RENDERED: August 2, 1996; 2:00 p.m. NOT TO BE PUBLISHED
APPEAL FROM KNOX CIRCUIT COURT HONORABLE RODERICK MESSER, JUDGE ACTION NO. 93-CR-155
COMMONWEALTH OF KENTUCKY
OPINION VACATING AND REMANDING ******* BEFORE: DYCHE, JOHNSON and KNOPF, Judges. This is an appeal from a judgment of conviction in
Knox Circuit Court for driving under the influence, fourth offense, pursuant to KRS 189A.010. Based on recent decisions by
the Supreme Court of Kentucky, we vacate, and remand for a new trial. The appellant, Paul Carnes, was indicted on the charges of driving under the influence (DUI), fourth offense; and operating a motor vehicle on a license suspended or revoked for DUI, third offense. The appellant filed several pre-trial
motions: a motion to dismiss for lack of evidence that he was operating the motor vehicle; a motion in limine to exclude
evidence of his prior DUI convictions during the guilt phase of the trial; and a motion to voir dire the potential jurors regarding their ability to consider the entire range of penalties. The trial court denied all of the motions.
Thereafter, the appellant entered a plea of guilty on the charges. The appellant entered the plea conditionally pursuant
to RCr 8.09 reserving the right to appeal the trial court's denial of his pre-trial motions. The appellant first argues that the trial court erred in denying his motion to dismiss for lack of evidence that he was "operating" a motor vehicle within the meaning of KRS 189A.010(1). The evidence before the court was that on August 9,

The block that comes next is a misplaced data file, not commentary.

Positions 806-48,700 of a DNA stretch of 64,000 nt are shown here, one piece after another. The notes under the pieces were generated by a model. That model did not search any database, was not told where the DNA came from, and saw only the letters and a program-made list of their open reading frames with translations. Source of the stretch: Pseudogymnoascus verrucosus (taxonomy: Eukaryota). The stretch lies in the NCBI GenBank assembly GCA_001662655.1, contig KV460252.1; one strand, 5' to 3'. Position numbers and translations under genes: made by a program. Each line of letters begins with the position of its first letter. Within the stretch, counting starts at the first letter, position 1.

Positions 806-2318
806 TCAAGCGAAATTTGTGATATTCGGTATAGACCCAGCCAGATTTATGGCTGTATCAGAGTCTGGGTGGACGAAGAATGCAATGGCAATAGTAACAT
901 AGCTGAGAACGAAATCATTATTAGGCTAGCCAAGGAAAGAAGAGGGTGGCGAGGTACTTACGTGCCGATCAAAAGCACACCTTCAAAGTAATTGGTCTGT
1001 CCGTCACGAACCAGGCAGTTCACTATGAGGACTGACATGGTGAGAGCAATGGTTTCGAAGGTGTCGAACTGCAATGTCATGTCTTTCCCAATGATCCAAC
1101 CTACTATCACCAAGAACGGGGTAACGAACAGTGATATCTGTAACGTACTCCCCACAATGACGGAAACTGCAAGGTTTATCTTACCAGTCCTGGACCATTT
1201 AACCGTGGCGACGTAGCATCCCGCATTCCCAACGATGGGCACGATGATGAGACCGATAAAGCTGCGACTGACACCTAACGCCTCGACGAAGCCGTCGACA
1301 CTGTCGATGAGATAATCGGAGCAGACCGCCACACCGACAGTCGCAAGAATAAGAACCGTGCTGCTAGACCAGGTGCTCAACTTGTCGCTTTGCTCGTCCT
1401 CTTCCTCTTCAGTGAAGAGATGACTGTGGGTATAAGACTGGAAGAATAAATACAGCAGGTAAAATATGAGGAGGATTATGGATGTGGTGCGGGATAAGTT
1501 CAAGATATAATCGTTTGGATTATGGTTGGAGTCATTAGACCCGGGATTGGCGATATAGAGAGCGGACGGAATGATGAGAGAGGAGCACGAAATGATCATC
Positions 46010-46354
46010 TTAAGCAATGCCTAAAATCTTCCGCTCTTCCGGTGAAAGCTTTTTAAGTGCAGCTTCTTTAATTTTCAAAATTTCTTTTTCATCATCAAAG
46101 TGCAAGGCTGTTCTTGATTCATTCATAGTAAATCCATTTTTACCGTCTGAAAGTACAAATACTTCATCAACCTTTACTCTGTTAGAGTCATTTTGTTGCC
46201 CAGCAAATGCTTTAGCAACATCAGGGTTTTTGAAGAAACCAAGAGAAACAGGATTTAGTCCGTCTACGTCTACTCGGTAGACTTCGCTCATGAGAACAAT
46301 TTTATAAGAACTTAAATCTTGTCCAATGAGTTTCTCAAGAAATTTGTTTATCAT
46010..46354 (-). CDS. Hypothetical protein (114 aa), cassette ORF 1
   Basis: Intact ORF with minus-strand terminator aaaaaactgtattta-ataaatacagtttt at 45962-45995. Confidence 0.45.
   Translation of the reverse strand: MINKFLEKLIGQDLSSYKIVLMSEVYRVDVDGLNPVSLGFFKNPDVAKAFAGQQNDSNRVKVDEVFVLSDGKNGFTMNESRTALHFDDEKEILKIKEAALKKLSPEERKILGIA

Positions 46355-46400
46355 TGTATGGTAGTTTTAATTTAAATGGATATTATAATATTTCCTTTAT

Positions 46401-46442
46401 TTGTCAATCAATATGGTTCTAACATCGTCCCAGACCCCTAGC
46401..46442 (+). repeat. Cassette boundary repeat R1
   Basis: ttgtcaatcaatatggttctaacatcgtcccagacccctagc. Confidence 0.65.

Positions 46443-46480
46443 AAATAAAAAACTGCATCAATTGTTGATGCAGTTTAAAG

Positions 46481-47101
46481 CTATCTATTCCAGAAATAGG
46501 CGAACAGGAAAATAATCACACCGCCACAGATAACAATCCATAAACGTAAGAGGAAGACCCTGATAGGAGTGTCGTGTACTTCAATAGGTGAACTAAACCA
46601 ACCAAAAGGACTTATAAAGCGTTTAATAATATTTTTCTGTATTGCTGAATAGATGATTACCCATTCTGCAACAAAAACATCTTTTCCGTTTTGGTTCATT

1993, the arresting officer had a report of a car wrecked in a ditch. He found the appellant behind the wheel of the car with No one else was in the vehicle. When the
the engine running.
officer asked the appellant what happened, the appellant said he got stuck in the ditch. The appellant appeared intoxicated, and His subsequent breath test
he failed several sobriety tests. reading was .292.
While the appellant concedes that he was intoxicated, he contends that the evidence was insufficient to prove that he was operating the motor vehicle. Admittedly, the evidence on However, there are a
this point was wholly circumstantial.
number of factors which have been used in determining whether a person operated or was in actual control of a motor vehicle including: (1) whether or not the person in the vehicle was asleep or awake; (2) whether or not the motor was running; (3)
the location of the vehicle and all of the circumstances bearing on how the vehicle arrived at that location; and (4) the intent of the person behind the wheel. S.W.2d 847, 849 (1986). The evidence is sufficient to support the charge if the circumstances of the defendant's arrest would reasonably support the inference that the vehicle was subject to the defendant's control. Newman v. Stinson, Ky., 489 S.W.2d 826, 828 (1972). On Wells v. Commonwealth, Ky., 709
the other hand, the evidence is not sufficient to support the "operating" element of the charge of DUI if the circumstances only make the existence of the element of the offense slightly more probable than they would be without the evidence. Commonwealth, Ky. App., 825 S.W.2d 282, 284 (1992). Pence v.
instant case, the appellant was found alone behind the wheel of the vehicle with the engine running. The fact that it was in a